What's a Brit? "I'm pretty sure the Brits were supposed to win," said an American man in South Africa, stars and stripes draped across his shoulders, talking after the soul-sapping World Cup game against the US. And then a Times headline: "Brits storm Broadway in the Tonys".

Are Brits only Brits when abroad? I suppose that's the question. And "Brits abroad" is a whole other story, one involving reddened skin, public puking and international unpopularity. It's as though as soon as we cross water we become amorphous (never mind, for instance, that it was the England team playing). In the Times story, the storming Brits are like an army - one we never knew existed, that on foreign shores suddenly coalesces and champions our shaky sense of patriotism. But this is definitely not the place to investigate the finer points of national unity and the politics of devolution.

One thing both examples above have in common is the presence of our co-dependents in the special relationship (one that should surely be entered for marriage counselling). Do we become Brits specifically in relation to Americans? “Brit-bashing" was the delicate term used to describe one aspect of President Obama's handling of the BP crisis.

The word itself is an abbreviation of the old-fashioned "Briton". But try inserting Briton in the headline: "Britons storm Broadway" conjures images of an ancient force, brandishing spears at bewildered New Yorkers as it rampages through Manhattan. (We used to say "Britishers" apparently - there's a brilliantly stiff-upper-lip First World War poster with the slogan: "Britishers. You're needed".)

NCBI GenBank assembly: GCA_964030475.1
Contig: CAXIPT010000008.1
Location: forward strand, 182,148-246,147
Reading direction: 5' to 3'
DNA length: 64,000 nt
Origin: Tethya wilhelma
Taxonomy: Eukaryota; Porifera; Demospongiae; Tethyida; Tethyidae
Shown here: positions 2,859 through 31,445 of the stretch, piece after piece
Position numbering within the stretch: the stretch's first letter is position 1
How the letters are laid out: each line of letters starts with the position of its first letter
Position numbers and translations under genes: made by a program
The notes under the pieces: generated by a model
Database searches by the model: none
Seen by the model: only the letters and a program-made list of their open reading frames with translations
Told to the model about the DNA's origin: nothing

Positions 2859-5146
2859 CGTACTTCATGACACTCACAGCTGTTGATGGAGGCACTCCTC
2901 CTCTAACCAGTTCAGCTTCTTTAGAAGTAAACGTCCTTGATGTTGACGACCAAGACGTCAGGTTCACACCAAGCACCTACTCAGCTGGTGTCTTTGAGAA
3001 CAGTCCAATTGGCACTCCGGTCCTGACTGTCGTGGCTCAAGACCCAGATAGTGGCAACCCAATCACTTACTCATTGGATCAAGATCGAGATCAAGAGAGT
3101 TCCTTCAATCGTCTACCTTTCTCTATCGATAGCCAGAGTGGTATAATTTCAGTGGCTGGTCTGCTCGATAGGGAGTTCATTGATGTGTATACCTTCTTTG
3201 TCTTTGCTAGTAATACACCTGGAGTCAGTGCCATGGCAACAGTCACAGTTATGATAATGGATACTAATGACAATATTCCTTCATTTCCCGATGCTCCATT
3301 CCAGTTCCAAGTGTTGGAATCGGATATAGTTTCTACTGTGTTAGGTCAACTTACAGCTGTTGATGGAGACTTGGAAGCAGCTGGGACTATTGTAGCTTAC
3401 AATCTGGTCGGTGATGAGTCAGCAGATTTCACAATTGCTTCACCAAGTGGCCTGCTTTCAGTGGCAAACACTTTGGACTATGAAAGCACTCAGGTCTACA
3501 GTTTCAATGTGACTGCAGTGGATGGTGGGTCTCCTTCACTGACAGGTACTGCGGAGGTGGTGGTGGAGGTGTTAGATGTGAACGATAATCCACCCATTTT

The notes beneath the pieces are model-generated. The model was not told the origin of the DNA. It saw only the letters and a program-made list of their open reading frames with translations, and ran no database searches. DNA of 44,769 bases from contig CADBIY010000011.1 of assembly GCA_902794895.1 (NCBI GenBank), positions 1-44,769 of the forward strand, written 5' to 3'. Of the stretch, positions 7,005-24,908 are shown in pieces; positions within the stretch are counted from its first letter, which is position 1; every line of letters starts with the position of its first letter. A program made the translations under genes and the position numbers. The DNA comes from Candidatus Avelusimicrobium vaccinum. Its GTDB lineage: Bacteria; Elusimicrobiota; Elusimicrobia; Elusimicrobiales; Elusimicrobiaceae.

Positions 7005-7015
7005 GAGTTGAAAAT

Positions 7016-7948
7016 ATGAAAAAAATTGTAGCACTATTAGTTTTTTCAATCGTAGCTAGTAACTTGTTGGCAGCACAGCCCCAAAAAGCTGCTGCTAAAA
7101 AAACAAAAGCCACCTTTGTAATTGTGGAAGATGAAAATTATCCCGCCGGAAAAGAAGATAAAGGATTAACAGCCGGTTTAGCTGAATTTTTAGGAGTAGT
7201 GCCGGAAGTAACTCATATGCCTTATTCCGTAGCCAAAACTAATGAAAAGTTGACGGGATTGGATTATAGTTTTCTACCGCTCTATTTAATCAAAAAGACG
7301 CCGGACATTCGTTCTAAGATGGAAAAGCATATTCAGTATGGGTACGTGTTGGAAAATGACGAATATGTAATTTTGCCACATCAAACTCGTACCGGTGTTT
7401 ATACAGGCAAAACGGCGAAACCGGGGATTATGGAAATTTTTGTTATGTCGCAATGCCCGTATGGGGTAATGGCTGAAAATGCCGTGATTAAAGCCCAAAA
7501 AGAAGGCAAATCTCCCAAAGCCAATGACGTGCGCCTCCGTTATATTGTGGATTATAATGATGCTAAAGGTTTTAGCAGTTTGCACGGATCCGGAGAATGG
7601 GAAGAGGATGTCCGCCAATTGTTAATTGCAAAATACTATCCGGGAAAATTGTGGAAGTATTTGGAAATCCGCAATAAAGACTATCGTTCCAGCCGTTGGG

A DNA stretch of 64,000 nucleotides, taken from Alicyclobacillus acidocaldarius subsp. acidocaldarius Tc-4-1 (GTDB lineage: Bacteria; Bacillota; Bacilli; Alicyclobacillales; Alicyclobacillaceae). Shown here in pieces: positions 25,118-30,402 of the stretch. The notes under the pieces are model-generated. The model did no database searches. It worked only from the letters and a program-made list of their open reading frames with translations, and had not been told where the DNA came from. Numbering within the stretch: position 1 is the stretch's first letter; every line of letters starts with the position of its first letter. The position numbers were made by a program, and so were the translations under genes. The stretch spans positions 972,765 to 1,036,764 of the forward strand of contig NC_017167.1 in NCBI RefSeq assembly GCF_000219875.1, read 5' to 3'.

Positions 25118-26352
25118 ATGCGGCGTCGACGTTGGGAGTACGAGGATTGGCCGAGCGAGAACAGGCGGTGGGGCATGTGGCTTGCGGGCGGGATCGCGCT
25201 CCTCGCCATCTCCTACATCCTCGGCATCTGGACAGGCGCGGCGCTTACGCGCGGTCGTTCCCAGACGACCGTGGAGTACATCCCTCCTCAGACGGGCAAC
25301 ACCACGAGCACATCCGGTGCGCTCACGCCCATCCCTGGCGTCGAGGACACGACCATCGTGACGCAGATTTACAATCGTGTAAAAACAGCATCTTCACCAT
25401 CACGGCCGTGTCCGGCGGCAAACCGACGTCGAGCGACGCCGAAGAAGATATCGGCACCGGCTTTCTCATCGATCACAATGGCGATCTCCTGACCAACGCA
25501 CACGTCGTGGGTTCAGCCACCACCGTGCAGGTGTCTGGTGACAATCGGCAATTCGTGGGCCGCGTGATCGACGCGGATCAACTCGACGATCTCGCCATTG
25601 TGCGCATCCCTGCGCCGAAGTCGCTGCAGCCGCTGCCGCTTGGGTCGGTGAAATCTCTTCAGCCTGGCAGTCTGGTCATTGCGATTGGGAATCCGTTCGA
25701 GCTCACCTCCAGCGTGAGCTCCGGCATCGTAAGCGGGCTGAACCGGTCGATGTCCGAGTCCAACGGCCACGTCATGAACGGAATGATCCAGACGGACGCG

Brit, then, is like Briton's hip kid brother, a status confirmed by its main usage on domestic soil, at the Brits, the annual music awards. The logo says it all, really - a corporate attempt at graffiti, screaming "youth" and "trendy" as decreed by the boardroom.

The Brits started life as the "British Record Industry Awards", making Brits a sort of abortive acronym. As if we needed any more confusion about who or what we are . . .

Sophie Elmhirst is features editor of the New Statesman

This article first appeared in the 21 June 2010 issue of the New Statesman, The age of ideas